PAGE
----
When identifying what EU grants may be available to one’s business, an understanding of company size will help to expedite in pinpointing funding eligibility. Micro, small and medium sized companies for example are generally eligible for a wider variety of funding options. Company size is effectively determined through three criteria namely: headcount, revenue and total number of assets.
The number of staff employed by a business is the most important and compulsory criterion in determining whether an enterprise can be considered as a small or medium sized company. In addition, the enterprise needs to meet either an annual turnover threshold or balance sheet total, this is illustrated in the table below.
The staff head count is expressed in annual work units, full time employees count as one unit, whilst part-time or seasonal workers count as a fraction of one unit. However, students or employees on maternity or parental leave are not included in the staff headcount. The annual turnover is determined by deducting the expenses from the income that an enterprise would have received during the year. The annual balance sheet refers to the company’s main assets.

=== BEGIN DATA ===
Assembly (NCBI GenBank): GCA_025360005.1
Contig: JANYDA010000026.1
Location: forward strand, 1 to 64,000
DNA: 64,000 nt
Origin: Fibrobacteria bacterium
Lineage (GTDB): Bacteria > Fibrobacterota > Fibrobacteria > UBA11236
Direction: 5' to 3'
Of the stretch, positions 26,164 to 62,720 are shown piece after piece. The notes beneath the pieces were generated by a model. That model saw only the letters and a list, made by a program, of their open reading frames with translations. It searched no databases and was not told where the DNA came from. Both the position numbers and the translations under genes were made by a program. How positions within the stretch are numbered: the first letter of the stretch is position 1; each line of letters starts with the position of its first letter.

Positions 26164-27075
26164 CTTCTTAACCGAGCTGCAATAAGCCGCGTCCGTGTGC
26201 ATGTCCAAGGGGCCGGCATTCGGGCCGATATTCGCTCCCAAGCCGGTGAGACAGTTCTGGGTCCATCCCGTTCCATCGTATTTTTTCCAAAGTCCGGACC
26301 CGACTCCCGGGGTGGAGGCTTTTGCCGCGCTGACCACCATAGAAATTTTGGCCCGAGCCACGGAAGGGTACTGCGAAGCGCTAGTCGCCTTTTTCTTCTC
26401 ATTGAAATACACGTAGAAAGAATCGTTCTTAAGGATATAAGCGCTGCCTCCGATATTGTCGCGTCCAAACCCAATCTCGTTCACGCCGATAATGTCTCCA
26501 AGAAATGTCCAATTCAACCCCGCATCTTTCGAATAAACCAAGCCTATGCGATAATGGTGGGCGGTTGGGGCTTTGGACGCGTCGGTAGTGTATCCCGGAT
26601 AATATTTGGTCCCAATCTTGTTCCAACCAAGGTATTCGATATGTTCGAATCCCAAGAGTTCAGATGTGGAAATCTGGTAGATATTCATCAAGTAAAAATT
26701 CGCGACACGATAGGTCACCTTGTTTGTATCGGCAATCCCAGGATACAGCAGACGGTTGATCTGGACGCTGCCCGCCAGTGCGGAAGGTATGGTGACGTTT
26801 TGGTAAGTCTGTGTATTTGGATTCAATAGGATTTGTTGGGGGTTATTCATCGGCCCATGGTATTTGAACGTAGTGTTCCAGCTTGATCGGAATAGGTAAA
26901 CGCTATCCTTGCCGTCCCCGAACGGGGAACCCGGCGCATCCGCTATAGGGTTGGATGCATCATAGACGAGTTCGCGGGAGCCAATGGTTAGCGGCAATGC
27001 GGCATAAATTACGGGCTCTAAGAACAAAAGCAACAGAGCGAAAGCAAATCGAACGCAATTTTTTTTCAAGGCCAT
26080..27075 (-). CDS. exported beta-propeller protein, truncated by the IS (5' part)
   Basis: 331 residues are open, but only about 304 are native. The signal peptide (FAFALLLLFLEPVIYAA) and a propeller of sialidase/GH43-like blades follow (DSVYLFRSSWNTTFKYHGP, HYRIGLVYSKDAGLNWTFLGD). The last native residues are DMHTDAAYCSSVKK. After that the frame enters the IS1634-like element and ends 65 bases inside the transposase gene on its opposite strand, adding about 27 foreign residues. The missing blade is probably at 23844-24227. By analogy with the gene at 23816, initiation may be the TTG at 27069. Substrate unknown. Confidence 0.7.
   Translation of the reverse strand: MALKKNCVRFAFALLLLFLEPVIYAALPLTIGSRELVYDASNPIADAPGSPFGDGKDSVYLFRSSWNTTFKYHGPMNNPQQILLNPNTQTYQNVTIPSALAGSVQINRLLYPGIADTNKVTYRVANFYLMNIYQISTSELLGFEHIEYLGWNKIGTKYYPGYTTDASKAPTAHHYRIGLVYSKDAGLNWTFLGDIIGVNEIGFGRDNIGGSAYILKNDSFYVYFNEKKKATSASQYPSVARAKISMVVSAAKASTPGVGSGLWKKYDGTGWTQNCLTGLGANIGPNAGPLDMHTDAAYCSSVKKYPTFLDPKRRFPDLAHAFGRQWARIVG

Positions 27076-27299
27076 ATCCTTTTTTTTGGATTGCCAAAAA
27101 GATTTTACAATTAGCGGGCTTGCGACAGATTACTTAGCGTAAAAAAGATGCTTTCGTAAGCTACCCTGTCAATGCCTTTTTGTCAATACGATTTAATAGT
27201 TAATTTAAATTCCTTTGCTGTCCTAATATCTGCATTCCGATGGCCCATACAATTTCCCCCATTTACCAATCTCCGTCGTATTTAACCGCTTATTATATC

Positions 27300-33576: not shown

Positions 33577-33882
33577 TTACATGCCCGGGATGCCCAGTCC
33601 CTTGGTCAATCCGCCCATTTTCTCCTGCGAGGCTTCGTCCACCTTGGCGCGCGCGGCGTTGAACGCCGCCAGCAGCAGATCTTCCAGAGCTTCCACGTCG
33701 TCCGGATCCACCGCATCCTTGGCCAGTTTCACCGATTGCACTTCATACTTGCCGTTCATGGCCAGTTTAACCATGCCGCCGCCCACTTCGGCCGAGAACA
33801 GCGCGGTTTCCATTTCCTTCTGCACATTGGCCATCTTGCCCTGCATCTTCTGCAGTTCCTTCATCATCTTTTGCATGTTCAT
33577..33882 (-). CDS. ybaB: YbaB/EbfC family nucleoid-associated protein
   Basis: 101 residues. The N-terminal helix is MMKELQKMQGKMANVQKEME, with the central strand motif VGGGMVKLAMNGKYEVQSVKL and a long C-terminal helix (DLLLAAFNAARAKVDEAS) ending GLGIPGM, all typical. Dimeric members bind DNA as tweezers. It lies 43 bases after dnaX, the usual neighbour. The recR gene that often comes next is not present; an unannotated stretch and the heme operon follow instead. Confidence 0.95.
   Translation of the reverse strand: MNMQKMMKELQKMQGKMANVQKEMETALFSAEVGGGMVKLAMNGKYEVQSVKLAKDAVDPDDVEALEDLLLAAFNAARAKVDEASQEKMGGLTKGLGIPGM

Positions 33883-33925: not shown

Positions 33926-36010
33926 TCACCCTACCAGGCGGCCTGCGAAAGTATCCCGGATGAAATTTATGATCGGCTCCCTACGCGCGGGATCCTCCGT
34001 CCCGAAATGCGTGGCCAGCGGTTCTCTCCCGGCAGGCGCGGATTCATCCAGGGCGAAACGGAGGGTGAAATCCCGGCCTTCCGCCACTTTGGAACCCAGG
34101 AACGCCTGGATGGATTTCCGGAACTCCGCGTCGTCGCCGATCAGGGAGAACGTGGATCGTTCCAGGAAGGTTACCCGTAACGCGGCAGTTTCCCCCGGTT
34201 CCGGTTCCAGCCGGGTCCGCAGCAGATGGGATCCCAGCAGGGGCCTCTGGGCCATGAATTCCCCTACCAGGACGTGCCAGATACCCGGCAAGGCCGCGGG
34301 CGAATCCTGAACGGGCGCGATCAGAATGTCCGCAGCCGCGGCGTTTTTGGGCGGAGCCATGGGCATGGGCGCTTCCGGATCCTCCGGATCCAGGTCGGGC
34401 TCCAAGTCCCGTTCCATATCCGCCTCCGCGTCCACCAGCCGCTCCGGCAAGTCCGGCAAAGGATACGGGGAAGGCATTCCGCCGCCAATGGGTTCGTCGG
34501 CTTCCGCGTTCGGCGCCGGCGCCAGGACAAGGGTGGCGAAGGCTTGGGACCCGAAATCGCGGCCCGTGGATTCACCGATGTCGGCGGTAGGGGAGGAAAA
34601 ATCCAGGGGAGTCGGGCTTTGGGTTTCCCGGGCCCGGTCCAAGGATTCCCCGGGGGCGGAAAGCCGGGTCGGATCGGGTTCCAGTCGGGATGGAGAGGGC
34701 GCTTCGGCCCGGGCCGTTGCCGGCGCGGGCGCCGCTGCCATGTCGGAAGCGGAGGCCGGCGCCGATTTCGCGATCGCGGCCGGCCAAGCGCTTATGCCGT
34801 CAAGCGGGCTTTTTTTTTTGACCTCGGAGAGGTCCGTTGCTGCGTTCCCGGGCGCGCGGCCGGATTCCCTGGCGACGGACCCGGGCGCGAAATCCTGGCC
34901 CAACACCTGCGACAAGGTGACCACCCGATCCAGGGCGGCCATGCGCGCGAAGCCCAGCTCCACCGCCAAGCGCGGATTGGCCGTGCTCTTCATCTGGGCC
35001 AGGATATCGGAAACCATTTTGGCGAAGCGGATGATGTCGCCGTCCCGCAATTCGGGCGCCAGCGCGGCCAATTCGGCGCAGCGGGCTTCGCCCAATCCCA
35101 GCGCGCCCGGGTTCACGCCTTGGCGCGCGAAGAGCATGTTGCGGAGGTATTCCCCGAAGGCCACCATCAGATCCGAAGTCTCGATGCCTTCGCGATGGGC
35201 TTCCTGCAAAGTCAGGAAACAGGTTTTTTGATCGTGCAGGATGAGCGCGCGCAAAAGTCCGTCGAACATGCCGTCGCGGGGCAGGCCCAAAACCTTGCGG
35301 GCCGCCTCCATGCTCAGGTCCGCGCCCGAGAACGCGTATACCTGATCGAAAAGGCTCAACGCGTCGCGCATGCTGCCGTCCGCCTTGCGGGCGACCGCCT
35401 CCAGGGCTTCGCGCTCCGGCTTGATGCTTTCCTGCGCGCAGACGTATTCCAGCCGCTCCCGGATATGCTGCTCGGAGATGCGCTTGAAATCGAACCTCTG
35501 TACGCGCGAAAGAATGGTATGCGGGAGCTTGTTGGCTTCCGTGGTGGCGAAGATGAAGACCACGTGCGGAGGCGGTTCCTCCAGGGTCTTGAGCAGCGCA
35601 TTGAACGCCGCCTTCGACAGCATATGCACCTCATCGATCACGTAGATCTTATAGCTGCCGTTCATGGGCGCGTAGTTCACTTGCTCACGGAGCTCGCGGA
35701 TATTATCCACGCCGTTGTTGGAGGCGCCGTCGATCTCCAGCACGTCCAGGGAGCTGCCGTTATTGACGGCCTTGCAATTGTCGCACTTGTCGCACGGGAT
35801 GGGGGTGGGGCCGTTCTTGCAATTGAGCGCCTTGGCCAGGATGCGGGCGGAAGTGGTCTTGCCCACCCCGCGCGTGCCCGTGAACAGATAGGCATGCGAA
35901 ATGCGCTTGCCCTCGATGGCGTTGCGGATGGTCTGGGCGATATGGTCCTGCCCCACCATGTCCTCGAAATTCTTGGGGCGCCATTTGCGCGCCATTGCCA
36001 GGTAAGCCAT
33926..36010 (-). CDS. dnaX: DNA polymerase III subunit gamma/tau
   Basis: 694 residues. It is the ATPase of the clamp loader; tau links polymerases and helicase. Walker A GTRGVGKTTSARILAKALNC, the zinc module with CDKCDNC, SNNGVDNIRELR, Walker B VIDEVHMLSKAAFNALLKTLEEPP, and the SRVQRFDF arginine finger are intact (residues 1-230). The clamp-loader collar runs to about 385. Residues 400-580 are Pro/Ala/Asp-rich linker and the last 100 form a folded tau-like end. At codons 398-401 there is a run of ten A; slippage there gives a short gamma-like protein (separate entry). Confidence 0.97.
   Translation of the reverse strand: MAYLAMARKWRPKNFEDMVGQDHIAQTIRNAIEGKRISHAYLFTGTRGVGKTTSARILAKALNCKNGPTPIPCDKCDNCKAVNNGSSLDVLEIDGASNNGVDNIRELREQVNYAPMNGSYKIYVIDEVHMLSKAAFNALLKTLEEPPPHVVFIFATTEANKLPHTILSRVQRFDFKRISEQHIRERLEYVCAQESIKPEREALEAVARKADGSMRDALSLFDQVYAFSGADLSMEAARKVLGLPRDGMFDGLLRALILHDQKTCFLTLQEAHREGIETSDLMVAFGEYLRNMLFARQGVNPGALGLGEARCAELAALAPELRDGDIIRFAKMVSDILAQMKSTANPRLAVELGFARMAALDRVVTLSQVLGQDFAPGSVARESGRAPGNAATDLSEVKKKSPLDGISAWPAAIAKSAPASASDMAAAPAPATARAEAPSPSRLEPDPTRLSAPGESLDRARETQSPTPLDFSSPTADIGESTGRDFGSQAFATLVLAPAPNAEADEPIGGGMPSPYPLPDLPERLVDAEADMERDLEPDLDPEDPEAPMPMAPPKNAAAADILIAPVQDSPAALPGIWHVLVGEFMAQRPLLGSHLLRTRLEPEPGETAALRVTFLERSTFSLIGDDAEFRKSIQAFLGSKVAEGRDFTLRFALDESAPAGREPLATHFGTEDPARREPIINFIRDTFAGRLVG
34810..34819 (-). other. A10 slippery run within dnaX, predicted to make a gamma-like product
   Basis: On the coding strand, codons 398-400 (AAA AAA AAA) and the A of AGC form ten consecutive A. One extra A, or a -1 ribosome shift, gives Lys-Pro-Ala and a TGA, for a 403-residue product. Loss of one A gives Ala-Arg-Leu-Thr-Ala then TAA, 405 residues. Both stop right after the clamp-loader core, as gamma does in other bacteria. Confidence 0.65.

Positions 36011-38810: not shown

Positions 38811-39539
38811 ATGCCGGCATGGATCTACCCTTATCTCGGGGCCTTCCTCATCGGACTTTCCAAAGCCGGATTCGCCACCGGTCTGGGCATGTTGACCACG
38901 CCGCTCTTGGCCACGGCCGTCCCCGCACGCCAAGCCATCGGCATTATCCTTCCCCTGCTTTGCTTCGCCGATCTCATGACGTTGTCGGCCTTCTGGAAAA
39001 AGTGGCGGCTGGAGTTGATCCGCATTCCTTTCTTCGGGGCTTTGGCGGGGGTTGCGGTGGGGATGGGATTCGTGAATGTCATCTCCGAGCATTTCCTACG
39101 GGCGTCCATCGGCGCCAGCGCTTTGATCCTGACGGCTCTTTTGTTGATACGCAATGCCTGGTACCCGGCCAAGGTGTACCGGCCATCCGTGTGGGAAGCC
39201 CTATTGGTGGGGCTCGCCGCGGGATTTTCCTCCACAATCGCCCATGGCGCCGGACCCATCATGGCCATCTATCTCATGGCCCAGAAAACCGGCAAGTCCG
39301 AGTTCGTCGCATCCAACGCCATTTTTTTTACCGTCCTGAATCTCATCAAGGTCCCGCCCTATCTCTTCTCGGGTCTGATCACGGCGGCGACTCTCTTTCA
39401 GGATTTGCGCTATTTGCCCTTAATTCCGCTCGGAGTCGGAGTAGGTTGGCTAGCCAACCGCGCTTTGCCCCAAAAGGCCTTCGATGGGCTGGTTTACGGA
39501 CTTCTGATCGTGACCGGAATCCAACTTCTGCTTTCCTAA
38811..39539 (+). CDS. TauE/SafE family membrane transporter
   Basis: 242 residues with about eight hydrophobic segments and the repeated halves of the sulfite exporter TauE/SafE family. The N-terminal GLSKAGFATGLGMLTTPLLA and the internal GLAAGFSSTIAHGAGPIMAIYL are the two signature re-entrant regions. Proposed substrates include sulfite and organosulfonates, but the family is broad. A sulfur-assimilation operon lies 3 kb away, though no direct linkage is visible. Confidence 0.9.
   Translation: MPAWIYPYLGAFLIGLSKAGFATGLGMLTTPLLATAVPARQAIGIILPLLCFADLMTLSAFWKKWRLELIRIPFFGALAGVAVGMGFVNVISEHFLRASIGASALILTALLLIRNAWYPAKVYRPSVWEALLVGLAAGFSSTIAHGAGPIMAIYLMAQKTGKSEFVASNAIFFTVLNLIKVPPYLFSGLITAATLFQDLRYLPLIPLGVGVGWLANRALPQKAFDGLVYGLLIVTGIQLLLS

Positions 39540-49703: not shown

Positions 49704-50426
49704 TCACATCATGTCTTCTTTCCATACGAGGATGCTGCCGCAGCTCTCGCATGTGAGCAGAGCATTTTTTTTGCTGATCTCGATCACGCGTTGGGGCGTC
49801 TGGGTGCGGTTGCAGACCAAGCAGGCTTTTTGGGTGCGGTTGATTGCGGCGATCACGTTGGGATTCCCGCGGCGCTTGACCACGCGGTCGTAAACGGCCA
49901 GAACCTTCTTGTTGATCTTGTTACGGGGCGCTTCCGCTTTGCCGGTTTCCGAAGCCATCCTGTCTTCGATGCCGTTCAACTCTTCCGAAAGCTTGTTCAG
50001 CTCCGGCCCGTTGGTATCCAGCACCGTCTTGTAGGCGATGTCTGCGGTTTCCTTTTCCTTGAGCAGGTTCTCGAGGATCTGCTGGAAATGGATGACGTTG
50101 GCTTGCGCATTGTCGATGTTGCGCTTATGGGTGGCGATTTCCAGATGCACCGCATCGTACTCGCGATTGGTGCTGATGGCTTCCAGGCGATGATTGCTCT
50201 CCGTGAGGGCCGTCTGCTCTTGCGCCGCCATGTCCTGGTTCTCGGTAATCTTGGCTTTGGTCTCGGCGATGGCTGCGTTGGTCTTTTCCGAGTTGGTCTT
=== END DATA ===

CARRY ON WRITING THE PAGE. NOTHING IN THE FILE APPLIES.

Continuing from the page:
However, size isn’t determined on the sole merit of the company in and of itself since there may be other resources accessed by the company. Thus, the company must also understand whether it has any linked or partner companies.
Linked or partner companies are determined through company shareholding. Linked enterprises hold 50% or more shares in an enterprise. On the other hand, a partner enterprise holds between 25% to 50% shares of the main enterprise. Shareholding in a company of less than 25% by third parties is not taken into consideration when determining company size.
If the company analysing its size is linked or partnered with a larger enterprise, then it may qualify as a large enterprise. If for example your company is 25% owned by company B, your company however owns 35% of Company C and 25% of Company D, the calculation for staff headcount, turnover and balance sheet would be worked pro-rata, taking these stakes in other companies into consideration.
Two or more enterprises are considered as linked enterprises when they hold 51% or more in the company’s shares. If your company owns 55% of company B and 80 % of company C on the other hand if another Company owns 65% of your company. Then, all of these other’s companies staff, turnover and balance sheets need to be taken into account when determining company size.
It is important to point out that the primary difference between partner and linked enterprises is that size is calculated by taking 100% of the data from other linked companies involved.
SMEs come in many different shapes and sizes; however, in today’s complex business environment they may have close financial, operational or governance relationships with other enterprises. These relationships often make it difficult to precisely draw the line between an SME and a large enterprise. Should you want to know more about applying for EU Funding for your business, RSM Malta is here to help.